|Full name||Andrew Jonathan Mestel|
13 March 1957 |
|World Champion||World Cadet Champion 1974, World Solving Champion 1997|
|FIDE rating||2471 (December 2014)|
|Peak rating||2540 (January 1984)|
Andrew Jonathan Mestel (born 13 March 1957 in Cambridge, England) is Professor of Applied Mathematics at Imperial College London. He works on magnetohydrodynamics and biological fluid dynamics. He obtained his Ph.D. with the thesis "Magnetic Levitation of Liquid Metals" at University of Cambridge.
A distinguished chess player, he was the first person to be awarded chess Grandmaster titles by FIDE in both over-the-board play and problem solving. He is also close to Grandmaster strength at contract bridge.
He announced his arrival on the international chess scene by winning the World Cadet Championship in 1974 at Pont-Sainte-Maxence. The same year, he nearly won the British Chess Championship, figuring in a seven-way play-off at Clacton, but failing to clinch the title at the last hurdle. Playing in Tjentiste in 1975, he took the bronze medal at the World Junior Championship, finishing behind Valery Chekhov and Larry Christiansen. There followed a string of British Championship successes, where he took the title in 1976, 1983 and 1988. His victory at Portsmouth in 1976 was remarkable for a start of nine consecutive wins, a record for the competition.
Along the way, Mestel was awarded the Grandmaster (GM) title in 1982 and became a Chess Solving Grandmaster and the World Chess Solving Champion in 1997. With fellow GM John Nunn, he is a medal-winning member of the British Chess Solving Team.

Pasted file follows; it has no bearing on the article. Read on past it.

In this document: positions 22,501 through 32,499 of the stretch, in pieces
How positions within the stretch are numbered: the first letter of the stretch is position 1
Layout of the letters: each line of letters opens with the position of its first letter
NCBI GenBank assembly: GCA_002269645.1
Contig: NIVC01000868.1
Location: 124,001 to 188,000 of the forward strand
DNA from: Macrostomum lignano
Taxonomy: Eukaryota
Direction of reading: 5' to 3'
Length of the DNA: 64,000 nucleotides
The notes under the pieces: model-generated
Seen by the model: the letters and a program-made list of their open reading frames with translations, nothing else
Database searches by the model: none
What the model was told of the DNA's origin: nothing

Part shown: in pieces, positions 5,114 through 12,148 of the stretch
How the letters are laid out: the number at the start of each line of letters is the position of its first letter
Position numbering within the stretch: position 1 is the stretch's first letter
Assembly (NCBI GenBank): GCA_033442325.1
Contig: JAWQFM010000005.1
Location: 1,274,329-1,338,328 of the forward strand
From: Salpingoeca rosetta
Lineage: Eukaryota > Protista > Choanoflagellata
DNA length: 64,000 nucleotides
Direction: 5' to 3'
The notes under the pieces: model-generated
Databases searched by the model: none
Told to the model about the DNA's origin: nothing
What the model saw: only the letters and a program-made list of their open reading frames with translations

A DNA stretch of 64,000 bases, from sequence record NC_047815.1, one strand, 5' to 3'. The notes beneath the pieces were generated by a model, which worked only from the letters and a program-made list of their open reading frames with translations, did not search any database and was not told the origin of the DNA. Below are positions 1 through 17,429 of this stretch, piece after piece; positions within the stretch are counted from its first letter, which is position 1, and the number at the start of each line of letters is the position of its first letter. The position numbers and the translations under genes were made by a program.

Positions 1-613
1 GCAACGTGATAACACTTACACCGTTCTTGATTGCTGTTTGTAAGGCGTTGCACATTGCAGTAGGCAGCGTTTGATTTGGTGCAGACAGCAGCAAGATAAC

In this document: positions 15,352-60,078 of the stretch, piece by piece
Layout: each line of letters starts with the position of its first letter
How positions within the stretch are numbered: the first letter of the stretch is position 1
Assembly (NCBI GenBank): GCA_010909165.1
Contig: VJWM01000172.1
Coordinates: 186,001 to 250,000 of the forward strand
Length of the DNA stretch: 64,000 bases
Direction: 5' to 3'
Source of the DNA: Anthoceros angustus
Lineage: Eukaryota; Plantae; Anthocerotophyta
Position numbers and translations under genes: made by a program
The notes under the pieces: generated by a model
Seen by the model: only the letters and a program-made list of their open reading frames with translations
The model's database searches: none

Between 1976 and 1988, he was a frequent member of the English Chess Olympiad squad, winning three team medals (two silver and one bronze). In 1984, he earned an individual gold medal for an outstanding (7/9, 78%) performance on his board. Other notable results for English teams occurred in 1978 at the World Student Olympiad in Mexico and at the 1983 European Team Chess Championship in Plovdiv. Both of these events yielded gold-medal winning performances, the latter being exceptional for the highest percentage score (6/7, 85%) on any board. As a player of league chess, he has been a patron of the 4NCL since its earliest days and represented The Gambit ADs in the 2008/9 season.
In international tournaments, his best early result was second equal at London 1977, with Miguel Quinteros and Michael Stean, after Vlastimil Hort. There were also good results at Esbjerg, where he won the North Sea Cup in 1979 (with Laszlo Vadasz) and finished with a share of second in 1984 (after Nigel Short, with Lars Karlsson). At Marbella in 1982, he was the co-winner of a zonal tournament, with Nunn, Stean and John van der Wiel. At Hastings, there were good results in 1977/78 (a share of fifth in a strong field) and in 1983/84, when he shared third place (after joint winners Karlsson and Jon Speelman).
Aside from his mainstream academic and chess activities, he wrote the mainframe computer game Brand X with Peter Killworth, which was later rewritten for Windows and released commercially as Philosopher's Quest.
Better known by his middle name, Jonathan, he is the son of astronomer Leon Mestel and has been married since 1982 to Anna O´Donovan. They have one son, David Mestel, born February 1992.
- Institutional home page http://www3.imperial.ac.uk/people/j.mestel
- Golombek, Harry, ed. (1981). The Penguin Encyclopaedia of Chess. Penguin Books. pp. 285–286. ISBN 978-0-14-046452-8.
- List of Chess Solving GMs
- World Solving Ch. 1997 result
- Olimpbase Player Data
- Hooper, David and Whyld, Kenneth (1984). The Oxford Companion To Chess. Oxford University. pp. 212–213. ISBN 0-19-217540-8.
- Jonathan Mestel at the Mathematics Genealogy Project
- Jonathan Mestel's home page
- Jonathan Mestel player profile and games at Chessgames.com